Enfilade

Call for Papers | British Art and Natural Forces

Posted in Calls for Papers by Editor on June 5, 2020

From PMC:

British Art and Natural Forces: A State of the Field Research Programme
Paul Mellon Centre, London, October–November 2020

Proposals for various formats due by 30 June 2020

J.M.W. Turner, The Evening of the Deluge, ca. 1843, oil on canvas, 30 x 30 inches (London: National Gallery of Art, Timken Collection, 1960.6.40).

In the year 2020, the Paul Mellon Centre marks its 50th anniversary as an institution dedicated to the study of British art and architecture. It is a year in which artistic practice and the practice of art history have met with the unprecedented force of a global pandemic. In the midst of this crisis, the PMC is initiating a major, multi-part programme of research events that focuses on the encounter between artistic or art historical practice and the forces of the natural world, and places such encounters in both contemporary and historical perspectives.

In doing so, we hope not only to respond to the exigencies of the current moment, but to foreground some of the most vital activities and conversations taking place within the field of British art studies. In recent years, scholars have concentrated with new intensity on the overlaps between artistic, geophysical, biological and ecological bodies of knowledge.

The theme also speaks to many of the new interdisciplinary collaborations that are currently shaping art-historical practice, which have seen scholars of the visual arts working across different subject-fields to explore natural histories, indigenous forms of knowledge, animal studies, concepts of the post-human and revitalized theorisations of the sublime.

Finally, the theme of this series exploits the astonishingly rich and diverse representations of natural forces found throughout the history of British art, from the Anglo-Saxon period to the present day. The programme will seek to explore such representations in the light of current debates and theoretical frameworks, and with the acknowledgement that human agency and reflexive awareness are natural forces in their own right.

We welcome proposals for 20-minute research papers dealing with any period or category of British art and visual culture, and that address the ways in which artistic or art-historical thinking and practice have shaped or been shaped by the encounter with natural forces, whether benign or cataclysmic, short- or long-term, visible or invisible. We also welcome proposals from artists and others whose contributions might take unexpected forms.

Schedule and Format

The events in this programme will be hosted over October and November of 2020. They may encompass virtual, in-person, audio, and print modes: the formats will be confirmed in the early autumn, and will take shape in line with UK government advice on public gatherings. Spanning eight weeks, the events will be sequential in character, and are designed to forge and facilitate a set of expansive conversations that unfold over time.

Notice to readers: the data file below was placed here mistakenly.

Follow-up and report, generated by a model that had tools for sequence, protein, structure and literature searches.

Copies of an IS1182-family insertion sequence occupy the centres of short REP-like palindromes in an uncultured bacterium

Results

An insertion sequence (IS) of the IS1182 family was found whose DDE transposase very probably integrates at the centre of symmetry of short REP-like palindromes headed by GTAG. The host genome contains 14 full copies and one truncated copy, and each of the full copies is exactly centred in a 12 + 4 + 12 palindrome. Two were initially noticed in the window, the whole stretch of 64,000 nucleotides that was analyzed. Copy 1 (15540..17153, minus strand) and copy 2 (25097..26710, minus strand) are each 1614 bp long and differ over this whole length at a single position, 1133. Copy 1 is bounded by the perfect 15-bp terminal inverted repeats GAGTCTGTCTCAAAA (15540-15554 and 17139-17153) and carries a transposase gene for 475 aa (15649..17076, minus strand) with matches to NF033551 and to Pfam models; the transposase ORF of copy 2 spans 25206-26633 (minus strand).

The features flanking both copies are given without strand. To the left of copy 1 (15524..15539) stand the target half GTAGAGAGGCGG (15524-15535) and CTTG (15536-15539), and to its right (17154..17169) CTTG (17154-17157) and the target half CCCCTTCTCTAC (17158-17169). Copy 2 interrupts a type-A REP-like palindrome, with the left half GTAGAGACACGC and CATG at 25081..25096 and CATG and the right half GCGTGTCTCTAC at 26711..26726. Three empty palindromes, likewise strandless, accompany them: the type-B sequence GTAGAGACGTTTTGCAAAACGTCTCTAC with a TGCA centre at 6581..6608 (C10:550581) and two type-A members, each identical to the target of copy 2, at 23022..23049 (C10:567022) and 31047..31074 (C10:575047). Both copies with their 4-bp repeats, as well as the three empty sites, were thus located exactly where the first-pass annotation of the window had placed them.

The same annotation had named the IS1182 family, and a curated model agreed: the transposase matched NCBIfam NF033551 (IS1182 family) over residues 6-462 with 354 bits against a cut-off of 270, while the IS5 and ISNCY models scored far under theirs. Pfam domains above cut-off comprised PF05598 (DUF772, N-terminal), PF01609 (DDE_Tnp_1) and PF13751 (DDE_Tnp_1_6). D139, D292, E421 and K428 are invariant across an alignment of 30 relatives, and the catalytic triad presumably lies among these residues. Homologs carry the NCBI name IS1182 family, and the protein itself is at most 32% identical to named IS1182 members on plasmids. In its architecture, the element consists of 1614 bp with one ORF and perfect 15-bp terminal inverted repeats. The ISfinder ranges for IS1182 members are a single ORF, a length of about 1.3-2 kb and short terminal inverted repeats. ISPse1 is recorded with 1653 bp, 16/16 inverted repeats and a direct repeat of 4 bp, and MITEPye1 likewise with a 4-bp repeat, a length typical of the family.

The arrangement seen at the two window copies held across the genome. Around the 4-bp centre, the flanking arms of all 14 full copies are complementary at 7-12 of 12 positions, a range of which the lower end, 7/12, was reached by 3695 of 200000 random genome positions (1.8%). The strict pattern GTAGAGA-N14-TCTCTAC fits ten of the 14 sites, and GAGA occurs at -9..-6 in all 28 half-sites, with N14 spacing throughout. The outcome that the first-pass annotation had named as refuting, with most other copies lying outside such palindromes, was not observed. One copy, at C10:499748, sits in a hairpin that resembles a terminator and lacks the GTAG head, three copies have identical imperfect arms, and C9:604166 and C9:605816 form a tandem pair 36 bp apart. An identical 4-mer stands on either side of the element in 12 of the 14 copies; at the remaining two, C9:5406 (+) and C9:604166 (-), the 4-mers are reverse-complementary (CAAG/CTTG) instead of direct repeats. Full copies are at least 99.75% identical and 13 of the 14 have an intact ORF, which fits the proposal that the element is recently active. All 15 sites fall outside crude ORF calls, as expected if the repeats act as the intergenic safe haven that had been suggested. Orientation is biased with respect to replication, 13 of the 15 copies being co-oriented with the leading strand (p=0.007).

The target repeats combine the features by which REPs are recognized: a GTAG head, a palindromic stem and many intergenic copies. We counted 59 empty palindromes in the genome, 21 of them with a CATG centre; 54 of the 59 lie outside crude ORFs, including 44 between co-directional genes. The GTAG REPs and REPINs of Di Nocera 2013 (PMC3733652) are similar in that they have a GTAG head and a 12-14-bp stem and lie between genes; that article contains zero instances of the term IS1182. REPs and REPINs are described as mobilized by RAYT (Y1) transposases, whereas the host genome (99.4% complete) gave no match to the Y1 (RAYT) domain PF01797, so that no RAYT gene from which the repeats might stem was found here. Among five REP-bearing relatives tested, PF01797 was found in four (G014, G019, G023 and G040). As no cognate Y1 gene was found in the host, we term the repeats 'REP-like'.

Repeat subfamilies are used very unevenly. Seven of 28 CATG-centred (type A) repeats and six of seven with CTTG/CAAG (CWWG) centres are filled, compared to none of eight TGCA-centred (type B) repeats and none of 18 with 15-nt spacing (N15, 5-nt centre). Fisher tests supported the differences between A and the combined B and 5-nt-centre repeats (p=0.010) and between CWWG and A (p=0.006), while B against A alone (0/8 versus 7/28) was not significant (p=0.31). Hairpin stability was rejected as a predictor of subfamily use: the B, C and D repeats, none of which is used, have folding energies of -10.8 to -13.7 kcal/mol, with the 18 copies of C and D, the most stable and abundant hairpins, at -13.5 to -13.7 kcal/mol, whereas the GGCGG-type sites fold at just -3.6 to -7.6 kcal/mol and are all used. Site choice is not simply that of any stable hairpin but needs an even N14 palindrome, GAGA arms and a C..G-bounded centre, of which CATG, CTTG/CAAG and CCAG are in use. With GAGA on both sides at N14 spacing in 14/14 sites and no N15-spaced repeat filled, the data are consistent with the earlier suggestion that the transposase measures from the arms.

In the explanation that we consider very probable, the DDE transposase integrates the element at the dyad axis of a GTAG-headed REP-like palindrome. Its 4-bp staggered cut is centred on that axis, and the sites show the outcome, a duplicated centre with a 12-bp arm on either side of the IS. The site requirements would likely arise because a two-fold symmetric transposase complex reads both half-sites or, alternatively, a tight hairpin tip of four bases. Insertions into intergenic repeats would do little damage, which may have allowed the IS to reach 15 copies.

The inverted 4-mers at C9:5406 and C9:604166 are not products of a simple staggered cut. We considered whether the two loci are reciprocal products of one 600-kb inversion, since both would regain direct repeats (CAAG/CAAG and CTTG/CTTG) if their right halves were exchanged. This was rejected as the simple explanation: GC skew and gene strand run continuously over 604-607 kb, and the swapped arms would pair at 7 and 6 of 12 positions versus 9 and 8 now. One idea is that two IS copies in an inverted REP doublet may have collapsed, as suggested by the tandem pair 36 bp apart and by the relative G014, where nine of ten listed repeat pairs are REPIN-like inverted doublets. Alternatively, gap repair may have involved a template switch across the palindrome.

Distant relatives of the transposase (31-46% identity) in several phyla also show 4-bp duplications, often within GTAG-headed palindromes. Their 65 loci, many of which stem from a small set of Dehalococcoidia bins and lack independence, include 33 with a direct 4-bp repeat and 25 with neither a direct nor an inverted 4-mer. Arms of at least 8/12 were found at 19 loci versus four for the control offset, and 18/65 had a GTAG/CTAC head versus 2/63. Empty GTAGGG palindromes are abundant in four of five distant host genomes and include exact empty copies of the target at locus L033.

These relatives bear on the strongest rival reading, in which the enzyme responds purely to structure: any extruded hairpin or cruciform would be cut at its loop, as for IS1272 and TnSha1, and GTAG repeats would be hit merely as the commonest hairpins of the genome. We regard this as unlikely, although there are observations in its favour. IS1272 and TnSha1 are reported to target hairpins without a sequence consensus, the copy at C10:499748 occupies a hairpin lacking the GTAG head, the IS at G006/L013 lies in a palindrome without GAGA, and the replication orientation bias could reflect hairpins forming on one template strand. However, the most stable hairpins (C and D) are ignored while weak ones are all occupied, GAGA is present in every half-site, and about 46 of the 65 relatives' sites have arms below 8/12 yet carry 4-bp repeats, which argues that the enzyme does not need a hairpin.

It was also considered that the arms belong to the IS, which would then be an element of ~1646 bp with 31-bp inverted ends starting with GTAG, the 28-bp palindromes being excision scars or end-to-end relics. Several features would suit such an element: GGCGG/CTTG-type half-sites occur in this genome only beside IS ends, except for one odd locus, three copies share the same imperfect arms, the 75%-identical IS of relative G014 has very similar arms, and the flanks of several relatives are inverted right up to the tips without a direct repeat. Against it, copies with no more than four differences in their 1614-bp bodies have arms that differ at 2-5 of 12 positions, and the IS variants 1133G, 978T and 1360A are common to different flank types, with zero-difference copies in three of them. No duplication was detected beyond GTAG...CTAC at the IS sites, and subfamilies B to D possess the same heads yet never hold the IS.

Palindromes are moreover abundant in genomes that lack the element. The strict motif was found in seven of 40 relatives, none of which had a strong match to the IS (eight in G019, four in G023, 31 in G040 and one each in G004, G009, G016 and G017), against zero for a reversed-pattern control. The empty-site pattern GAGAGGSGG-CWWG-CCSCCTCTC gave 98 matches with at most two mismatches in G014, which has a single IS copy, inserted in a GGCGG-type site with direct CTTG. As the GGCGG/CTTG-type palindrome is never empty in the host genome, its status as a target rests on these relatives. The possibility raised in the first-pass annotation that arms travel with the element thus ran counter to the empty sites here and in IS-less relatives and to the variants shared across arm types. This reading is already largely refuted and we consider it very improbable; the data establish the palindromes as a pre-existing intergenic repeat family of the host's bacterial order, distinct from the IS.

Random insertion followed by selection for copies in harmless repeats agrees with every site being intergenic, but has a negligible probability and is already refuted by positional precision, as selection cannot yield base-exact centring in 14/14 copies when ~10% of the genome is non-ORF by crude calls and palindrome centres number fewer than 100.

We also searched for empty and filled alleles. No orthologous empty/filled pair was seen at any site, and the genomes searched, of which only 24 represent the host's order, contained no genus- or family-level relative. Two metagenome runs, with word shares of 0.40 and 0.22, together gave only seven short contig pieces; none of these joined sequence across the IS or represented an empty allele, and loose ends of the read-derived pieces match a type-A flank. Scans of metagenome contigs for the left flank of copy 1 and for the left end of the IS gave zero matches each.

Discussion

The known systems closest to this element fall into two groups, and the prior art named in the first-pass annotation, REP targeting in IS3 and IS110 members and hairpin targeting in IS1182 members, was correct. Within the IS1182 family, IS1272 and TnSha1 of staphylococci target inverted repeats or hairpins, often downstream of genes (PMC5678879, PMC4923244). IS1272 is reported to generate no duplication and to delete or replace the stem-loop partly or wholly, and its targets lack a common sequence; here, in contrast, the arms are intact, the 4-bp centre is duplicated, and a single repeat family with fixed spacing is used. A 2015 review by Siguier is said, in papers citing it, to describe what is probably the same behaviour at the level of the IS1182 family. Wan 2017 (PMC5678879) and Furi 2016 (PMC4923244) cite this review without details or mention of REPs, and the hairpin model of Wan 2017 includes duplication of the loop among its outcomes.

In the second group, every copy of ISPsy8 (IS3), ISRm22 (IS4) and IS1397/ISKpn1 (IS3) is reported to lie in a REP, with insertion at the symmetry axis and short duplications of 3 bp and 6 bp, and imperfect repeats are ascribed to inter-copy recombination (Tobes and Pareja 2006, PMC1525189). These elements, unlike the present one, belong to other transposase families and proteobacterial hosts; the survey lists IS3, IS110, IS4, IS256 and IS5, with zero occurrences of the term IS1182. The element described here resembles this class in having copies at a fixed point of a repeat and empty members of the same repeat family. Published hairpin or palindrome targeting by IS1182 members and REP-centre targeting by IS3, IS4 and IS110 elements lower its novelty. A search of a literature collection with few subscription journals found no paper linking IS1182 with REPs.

How to Submit

Please send proposals of 400 words maximum together with a short biography of no more than 100 words to events@paul-mellon-centre.ac.uk by 30 June 2020.

Online Public Lecture Course | Georgian Provocations

Posted in lectures (to attend) by Editor on June 5, 2020

From PMC:

Georgian Provocations: Six Iconic Works of Art from Eighteenth-Century Britain
Paul Mellon Centre, London, 28 May — 9 July 2020

Georgian Provocations is a one-off summer public lecture course, delivered online, and designed to provide an accessible and stimulating introduction to the art of the period. In this series of six 30-minute lectures, Hallett and Postle focus on six seminal paintings from the Georgian era and investigate their contents, contexts, and impact. Together, they reveal many of the ideas and issues that coursed through British visual culture between the 1730s and the 1790s, and demonstrate the riches that continue to be gained from looking intensively at an individual work of art. Lectures will be released weekly from 28 May to 2 July at 3pm (GMT).

An associated conversation on July 9 will be streamed live via Zoom Webinar at 6pm (GMT), providing a Q&A session with series presenters Mark Hallett and Martin Postle, who will talk about the pictures they focused upon in their lectures and their respective approaches to discussing the works in question.

28 May 2020
Mark Hallett, Walking the Streets: William Hogarth’s The Four Times of Day by William Hogarth (1736–38)

4 June 2020
Martin Postle, Variations on a Theme: Richard Wilson’s The White Monk (ca. 1755–65)

11 June 2020
Martin Postle, All Done from Nature: George Stubbs’s Whistlejacket (1762)

18 June 2020
Martin Postle, The Artist as Intellectual: Joshua Reynolds’s Self-Portrait as President of the Royal Academy (1780)

25 June 2020
Mark Hallett, Displaying the Hero: John Singleton Copley’s The Death of Major Peirson (1784)

2 July 2020
Mark Hallett, Making an Impact: Thomas Lawrence’s Arthur Atherley (1792)

9 July 2020
Georgian Provocations: A Conversation, streamed live via Zoom Webinar at 6pm (GMT); register via Eventbrite here.